While studying about TCP i notice that is very similar to Go-Back-N, but ,i think i'm missing something very important:

In http://www.ccs-labs.org/teaching/rn/animations/gbn_sr/ we can see that in GBN , the server gives ack to every packet that coming.

In https://www.scribd.com/doc/2631780/56/Is-TCP-Go-Back-N-or-Selective-Repeat p.65, it says:

Is TCP Go-Back-N or Selective Repeat?

 similarity of TCP with Go-Back-N

1.TCP :cumulative ack for the last correctively received, in-order seg
2.cumulative and correctly received but out-of-order segs are not individually acked ⇒ TCP sender need only maintain SendBase and NextSeqNum

What is the meaning of cumulative ACK? and what is the difference between selective ACK? and why TCP uses the first one?

1 Answer 1


To add to the previous answer:

A "Cumulative ACK" implies that all the bytes sent by the sender (so far) have been received correctly by the receiver. In order words, when the sender receives an ACK with sequence number n, the receiver is telling the sender that it has received every byte up to and including n-1 and it is expecting byte n next.

In "selective ACKs", the receiver sends ACKs for every packet that it has received, regardless of whether it was the packet that the receiver was expecting or not (i.e. whether the packet was out-of-order or not).

E.g. Let's assume that sender S sends 3 packets: pkt1 (seq # = 100), pkt2 (seq # = 200), and pkt3 (seq # = 300), but pkt2 gets lost in transmission.

With GBN: When the receiver R gets pkt1: It sends ACK=200, telling the sender that it has received all the bytes up to (but not including) 200 and is expecting byte 200 next. Now, pkt2 got lost, but pkt3 was received by the receiver. So, the receiver will send ACK=200 again and drop pkt3 because it is out-of-order. S will then have to re-transmit pkt2 AND pkt3.

Once pkt2 is retransmitted and successfully received, R will send ACK=300 (i.e. it has received everything up to, but not including, byte 300 and is expecting byte 300, i.e. pkt3). Once pkt3 is transmitted successfully, it will ACK that too.

With Selective Repeat (SR): Once R receives pkt1, it will send an ACK for it. Once it receives pkt3, it will send an ACK specifically for this packet too and will NOT drop the packet even though pkt3 is out-of-order (it will buffer it). Eventually, pkt2 will timeout on the sender's end, so the sender will retransmit pkt2. If it's successful the receiver will send an ACK for it too.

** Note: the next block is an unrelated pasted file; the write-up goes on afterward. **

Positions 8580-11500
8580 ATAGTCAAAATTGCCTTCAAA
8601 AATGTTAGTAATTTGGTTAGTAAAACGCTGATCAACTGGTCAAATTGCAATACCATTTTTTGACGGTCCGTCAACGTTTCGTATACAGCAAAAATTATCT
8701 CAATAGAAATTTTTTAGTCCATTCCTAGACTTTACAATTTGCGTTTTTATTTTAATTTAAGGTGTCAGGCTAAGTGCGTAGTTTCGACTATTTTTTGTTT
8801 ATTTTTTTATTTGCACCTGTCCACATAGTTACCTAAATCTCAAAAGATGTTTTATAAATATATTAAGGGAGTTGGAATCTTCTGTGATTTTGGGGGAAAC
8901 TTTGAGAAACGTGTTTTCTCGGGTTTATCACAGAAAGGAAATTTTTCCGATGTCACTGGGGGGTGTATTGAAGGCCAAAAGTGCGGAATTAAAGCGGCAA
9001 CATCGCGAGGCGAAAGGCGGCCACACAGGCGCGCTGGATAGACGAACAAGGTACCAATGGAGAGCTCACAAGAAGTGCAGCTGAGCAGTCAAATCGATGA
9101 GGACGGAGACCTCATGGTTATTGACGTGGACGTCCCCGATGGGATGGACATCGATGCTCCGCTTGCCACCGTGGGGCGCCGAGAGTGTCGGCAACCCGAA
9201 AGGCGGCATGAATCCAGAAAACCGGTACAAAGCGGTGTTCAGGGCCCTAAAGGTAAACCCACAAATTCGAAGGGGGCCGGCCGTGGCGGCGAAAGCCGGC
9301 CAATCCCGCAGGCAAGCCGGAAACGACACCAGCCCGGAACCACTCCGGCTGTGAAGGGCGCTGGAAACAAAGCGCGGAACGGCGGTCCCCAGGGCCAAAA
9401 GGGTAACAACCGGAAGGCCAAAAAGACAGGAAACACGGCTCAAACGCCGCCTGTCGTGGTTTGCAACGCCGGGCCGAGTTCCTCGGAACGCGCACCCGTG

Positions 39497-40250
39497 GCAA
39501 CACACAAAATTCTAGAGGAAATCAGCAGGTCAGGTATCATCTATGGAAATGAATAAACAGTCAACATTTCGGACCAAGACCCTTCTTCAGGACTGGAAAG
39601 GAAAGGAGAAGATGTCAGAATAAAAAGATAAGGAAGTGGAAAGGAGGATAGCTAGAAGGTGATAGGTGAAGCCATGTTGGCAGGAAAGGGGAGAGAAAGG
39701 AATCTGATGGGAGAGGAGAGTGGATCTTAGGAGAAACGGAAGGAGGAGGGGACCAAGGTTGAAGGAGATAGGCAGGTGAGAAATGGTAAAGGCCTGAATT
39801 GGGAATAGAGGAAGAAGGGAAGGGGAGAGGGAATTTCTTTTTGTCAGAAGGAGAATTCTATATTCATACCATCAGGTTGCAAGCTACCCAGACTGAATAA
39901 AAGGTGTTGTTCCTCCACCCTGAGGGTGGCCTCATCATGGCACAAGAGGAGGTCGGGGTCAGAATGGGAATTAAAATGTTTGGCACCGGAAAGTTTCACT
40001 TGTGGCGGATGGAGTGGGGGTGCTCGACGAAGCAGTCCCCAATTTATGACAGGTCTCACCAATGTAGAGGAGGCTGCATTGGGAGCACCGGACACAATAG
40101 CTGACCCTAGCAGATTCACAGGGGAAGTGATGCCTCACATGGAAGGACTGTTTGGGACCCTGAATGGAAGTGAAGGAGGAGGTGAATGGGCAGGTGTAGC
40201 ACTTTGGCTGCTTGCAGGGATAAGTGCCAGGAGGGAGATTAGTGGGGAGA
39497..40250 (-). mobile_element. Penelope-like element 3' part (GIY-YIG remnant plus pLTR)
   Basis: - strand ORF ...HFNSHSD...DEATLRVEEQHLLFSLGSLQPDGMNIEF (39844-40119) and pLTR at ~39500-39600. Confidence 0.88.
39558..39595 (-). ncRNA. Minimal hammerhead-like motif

Notice that, with SR, you didn't have to retransmit pkt3 even though pkt2 was lost. This is beneficial because it prevents the sender from having to retransmit the packets that had already been successfully received by the receiver (it's pointless, right? Why send pkt3 again when it was already delivered?). This helps avoid congestion in the network because you're not constantly retransmitting packets that DON'T need to be retransmitted.

In general, TCP's congestion control can be described as a combination/hybrid of GBN and Selective Repeat. Here's why:

TCP is similar to GBN because both protocols have a limit on the number of unACK'd packets that the sender can send into the network. However, TCP is different from GBN because GBN requires the re-transmission of every unACK'd packet when packets are lost, but TCP only retransmits the oldest unACK'd one.

TCP is similar to selective repeat because, when packets are lost due to congestion, the protocols do not require the sender to retransmit EVERY unACK'd packet sent by the sender. The sender just retransmits the oldest unACK'd packet. TCP is different from selective repeat because SR requires individual acknowledgement of each packet that was sent by the receiver; but rather than selectively ACKing every packet, TCP sends an ACK for the next packet that it is expecting (like GBN) and buffers the ones that it has received so far, even if they're out of order (like SR). That's why it can be considered a hybrid.

Hope this helps.

  • Fantastic. Really, really helped me! Commented Apr 12, 2016 at 21:05

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